Reaching for Regeneration: Discovering the Power of Place

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Colin Day
Projects Manager


Amid increasing homogenization of American communities, there is a growing interest in identifying and cultivating the unique traits inherent to individual places. Imagine for a moment three different towns that you are familiar with and that are geographically proximate. Each one has its own particular character, culture, and mindset – but why is that? What drives a place to be one way, and not another, in spite of many seemingly similar elements? If we could truly understand the driving forces, patterns, and relationships that make a place what it is, how might that inform our business approaches, city planning, stakeholder engagement processes, and the activities that provide benefit to the community?

Regenesis Group, based in Santa Fe and Boston, has been pioneering a practice called regenerative development, which seeks to reveal and work with the inherent potential of a place. Specifically, Regenesis has developed a methodology called “Story of Place,” which aims to “access the deep love and caring that people have for their place, and then reconcile the inevitable contrasting stakeholder viewpoints into a higher-order understanding that all stakeholders can experience, share, and work from together.” This methodology creates an understanding of what is unique, important, and fundamentally programmed into any given community.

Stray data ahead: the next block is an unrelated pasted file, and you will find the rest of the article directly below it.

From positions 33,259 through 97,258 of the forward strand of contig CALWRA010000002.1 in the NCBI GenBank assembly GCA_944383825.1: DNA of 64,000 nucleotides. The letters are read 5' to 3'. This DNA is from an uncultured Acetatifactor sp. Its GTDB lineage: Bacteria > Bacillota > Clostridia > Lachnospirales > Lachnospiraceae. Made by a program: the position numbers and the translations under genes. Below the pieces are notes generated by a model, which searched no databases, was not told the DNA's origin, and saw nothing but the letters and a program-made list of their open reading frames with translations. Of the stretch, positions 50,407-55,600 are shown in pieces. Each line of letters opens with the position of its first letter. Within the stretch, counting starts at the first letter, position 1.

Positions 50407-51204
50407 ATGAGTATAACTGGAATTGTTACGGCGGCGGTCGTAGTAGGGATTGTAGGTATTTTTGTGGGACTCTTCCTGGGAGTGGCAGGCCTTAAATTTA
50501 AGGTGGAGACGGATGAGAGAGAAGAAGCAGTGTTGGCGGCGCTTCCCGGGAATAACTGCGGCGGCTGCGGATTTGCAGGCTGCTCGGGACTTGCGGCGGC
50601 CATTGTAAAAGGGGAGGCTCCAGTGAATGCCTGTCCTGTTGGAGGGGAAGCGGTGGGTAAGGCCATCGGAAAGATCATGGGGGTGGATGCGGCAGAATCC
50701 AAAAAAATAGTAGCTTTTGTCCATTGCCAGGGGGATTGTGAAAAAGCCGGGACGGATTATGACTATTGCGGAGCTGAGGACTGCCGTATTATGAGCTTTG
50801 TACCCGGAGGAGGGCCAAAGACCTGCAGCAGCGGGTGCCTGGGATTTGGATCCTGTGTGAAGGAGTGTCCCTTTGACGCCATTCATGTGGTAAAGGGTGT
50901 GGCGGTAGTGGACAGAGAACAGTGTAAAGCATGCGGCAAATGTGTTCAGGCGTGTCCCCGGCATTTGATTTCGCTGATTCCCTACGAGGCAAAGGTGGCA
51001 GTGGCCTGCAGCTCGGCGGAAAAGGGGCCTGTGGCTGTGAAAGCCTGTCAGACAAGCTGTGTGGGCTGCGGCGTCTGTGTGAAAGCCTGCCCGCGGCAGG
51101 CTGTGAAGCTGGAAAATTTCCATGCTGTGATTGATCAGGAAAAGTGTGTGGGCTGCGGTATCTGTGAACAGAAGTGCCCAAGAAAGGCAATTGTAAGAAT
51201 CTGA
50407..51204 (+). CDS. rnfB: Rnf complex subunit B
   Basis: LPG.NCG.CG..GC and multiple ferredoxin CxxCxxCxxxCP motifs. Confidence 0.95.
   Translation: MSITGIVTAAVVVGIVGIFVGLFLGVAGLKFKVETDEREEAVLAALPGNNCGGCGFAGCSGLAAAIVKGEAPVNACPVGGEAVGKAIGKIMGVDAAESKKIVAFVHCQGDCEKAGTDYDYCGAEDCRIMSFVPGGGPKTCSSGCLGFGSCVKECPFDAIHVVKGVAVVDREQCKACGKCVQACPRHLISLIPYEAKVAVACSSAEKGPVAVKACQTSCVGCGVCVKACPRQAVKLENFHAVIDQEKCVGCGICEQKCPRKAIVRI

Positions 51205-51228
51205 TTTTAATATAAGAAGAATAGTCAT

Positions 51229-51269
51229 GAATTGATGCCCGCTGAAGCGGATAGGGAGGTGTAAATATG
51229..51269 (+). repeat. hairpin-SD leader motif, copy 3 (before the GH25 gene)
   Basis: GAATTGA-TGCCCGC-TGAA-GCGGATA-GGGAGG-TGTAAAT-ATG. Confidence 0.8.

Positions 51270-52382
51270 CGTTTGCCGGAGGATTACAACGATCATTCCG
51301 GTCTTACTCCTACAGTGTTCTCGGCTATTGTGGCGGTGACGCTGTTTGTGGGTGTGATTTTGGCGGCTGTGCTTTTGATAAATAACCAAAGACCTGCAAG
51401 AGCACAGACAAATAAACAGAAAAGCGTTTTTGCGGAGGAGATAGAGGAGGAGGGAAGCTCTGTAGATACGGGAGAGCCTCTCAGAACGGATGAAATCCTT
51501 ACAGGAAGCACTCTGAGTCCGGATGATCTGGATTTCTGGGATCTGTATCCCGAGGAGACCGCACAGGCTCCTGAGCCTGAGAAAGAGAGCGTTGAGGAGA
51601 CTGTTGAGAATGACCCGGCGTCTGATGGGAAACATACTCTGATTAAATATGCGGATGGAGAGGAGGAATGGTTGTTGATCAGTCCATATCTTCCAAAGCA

The Story of Place process is built on thorough research about a place’s unique characteristics – what differentiates it geologically, ecologically, and culturally from any other place. The process pulls on a community’s collective experience to explore a place’s distinction—from pre-human history through human inhabitation—considering how culture has developed though time. It uncovers complex patterns that point to customized strategies for supporting a place’s ecological, social, and economic resilience. Ultimately, the process offers unique solutions for making a place thrive.